Sri Lanka 154/6
As Australia began the Super 12s with back-to-back triumphs, David Warner returned to form with a strong half-century. For the second match in a row, Australia chased down a target, however, this time there was little drama as Sri Lanka was made to pay for losing Warner early in his innings.
Sri Lanka’s offense has been a key factor in their success thus far in the tournament, but Australia’s challenge was a step up. Wanindu Hasaranga’s two wickets in two overs, including Aaron Finch and Glenn Maxwell, boosted Sri Lankan hopes, but it took a half-century stand between Warner and Steven Smith to keep the pursuit afloat.
Finch was appreciative of the combined efforts of Adam Zampa and Mitchell Starc as Australia brought the innings back during the middle period, despite having opted to bowl. Sri Lanka cruised along to 53 for 1 in the powerplay and was well-placed approaching halftime with Charith Asalanka providing the spark, only for Zampa to cause a slump from 78 for 1 to 94 for 5.
Leg spin and speed are always a thrilling combination, and two of the most popular T20 weapons. Sri Lanka had bounced back nicely after losing Pathum Nissanka early on, with Asalanka and Perera putting on a 63-run second-wicket stand before Zampa struck in the 10th over. After being smashed for six over long-on in the previous over, Sri Lanka lost 4 for 16 in 17 deliveries, with Avishka Fernando top-edging a Zampa slog-sweep and Hasaranga caught behind trying a wide drive against Starc, as Australia took control.
Despite their poor recent results, Australia’s faith in Finch and Warner at the top of the order was rewarded handsomely, as the experienced opening pair took advantage of a sloppy Sri Lankan start with the ball to reach 63 without loss after six overs, the highest powerplay score in all T20 World Cups.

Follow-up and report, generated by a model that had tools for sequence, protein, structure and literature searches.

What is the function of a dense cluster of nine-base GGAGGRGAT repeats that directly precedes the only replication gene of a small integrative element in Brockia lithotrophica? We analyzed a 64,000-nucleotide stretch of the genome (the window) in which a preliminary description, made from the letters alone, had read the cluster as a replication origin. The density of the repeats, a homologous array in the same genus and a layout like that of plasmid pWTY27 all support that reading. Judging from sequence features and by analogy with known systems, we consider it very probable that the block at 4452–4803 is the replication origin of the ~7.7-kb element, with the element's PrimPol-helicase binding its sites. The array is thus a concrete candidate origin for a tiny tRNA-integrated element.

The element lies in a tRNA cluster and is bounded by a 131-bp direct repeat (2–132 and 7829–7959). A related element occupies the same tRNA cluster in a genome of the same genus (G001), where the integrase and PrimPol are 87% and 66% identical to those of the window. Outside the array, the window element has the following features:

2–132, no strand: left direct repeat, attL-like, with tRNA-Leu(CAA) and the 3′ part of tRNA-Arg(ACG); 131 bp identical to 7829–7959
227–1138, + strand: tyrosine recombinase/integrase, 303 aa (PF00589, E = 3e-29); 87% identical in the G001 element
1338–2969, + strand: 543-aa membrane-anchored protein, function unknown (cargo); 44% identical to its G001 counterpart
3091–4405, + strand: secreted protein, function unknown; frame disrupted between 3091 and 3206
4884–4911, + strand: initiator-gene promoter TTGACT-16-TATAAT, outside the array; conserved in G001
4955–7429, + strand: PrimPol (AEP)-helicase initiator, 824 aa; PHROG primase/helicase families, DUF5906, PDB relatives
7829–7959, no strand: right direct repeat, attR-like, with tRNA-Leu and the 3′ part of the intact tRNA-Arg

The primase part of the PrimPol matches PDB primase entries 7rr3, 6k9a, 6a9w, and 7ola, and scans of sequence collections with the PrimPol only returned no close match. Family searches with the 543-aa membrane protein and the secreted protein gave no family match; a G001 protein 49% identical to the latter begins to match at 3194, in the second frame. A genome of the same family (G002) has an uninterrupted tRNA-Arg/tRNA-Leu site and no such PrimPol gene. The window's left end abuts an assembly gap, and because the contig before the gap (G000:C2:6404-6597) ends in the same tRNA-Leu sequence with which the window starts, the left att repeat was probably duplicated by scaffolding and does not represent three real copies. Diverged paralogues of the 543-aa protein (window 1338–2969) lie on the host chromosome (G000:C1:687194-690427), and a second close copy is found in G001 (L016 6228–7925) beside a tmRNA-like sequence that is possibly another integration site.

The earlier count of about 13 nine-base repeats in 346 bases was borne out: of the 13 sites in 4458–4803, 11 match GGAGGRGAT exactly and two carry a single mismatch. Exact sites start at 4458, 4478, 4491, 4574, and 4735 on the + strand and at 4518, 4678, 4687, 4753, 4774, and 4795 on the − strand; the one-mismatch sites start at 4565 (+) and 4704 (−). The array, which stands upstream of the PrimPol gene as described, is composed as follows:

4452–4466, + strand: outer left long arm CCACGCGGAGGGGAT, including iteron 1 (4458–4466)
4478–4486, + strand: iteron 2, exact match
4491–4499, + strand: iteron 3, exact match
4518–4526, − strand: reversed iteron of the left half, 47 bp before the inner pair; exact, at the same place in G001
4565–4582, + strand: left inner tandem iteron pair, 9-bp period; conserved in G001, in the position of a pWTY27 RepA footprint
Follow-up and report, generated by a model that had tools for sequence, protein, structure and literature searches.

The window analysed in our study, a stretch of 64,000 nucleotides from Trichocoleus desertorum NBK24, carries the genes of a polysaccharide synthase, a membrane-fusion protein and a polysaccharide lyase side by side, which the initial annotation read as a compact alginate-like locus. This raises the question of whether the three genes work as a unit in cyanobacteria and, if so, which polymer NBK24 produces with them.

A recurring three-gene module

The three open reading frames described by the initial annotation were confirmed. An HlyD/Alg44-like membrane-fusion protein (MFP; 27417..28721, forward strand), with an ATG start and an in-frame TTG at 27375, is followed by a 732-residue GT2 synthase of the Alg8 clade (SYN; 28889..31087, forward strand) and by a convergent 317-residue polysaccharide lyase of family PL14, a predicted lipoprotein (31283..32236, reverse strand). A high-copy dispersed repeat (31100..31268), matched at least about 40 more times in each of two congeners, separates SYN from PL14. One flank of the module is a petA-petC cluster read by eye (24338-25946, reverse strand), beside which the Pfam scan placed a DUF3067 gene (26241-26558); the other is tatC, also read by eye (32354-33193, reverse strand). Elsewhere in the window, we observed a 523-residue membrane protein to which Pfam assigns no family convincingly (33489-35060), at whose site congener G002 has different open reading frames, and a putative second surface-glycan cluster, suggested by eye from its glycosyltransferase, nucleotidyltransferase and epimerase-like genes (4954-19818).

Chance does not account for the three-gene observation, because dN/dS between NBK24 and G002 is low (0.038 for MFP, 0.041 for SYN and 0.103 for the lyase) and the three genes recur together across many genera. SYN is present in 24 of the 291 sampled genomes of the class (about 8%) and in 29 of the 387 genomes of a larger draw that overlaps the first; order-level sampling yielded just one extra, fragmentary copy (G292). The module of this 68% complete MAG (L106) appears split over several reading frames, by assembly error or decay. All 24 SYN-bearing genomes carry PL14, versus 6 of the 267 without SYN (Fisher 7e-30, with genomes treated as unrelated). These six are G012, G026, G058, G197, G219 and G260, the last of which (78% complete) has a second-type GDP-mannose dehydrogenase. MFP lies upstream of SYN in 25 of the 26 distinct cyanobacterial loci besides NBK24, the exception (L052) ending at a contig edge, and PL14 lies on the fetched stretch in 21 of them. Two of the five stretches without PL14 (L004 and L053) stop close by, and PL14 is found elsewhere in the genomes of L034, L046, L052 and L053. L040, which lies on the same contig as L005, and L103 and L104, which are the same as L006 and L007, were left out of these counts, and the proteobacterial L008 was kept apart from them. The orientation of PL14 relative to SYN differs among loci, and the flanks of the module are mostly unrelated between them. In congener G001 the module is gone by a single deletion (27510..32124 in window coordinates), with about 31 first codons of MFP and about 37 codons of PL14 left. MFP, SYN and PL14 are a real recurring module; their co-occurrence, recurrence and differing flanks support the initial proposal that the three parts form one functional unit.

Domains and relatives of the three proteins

Sri Lanka required early wickets to defend a par total while batting first on this pitch. However, Chamika Karunaratne’s opening over was sloppy, falling short and wide twice, allowing Finch to cut fours in the UAE. With those two boundaries, Australia’s skipper had already reached his highest score in seven T20I innings.
Australia has just switched from using five specialist bowlers to attempting to juggle their allocation from a slew of all-rounders, and this match illustrated both sides of the coin. Maxwell bowled four inexpensive overs in the win over South Africa but was caught in the powerplay by Asalanka, forcing Finch to resort to Marcus Stoinis, who was caught by Rajapaksa at the death as Sri Lanka pushed on.
Australia’s “fifth bowler” cost them 51 runs in four overs, almost precisely a third of Sri Lanka’s total. However, the value of adding depth to their batting order was obvious. Mitchell Marsh, who didn’t have to bat or bowl and was only called upon on rare occasions on the field, couldn’t have asked for a better night’s work.
Sri Lanka required early wickets, but Australia’s openers overcame their shaky form to chip a significant chunk off the mark, which helped them win.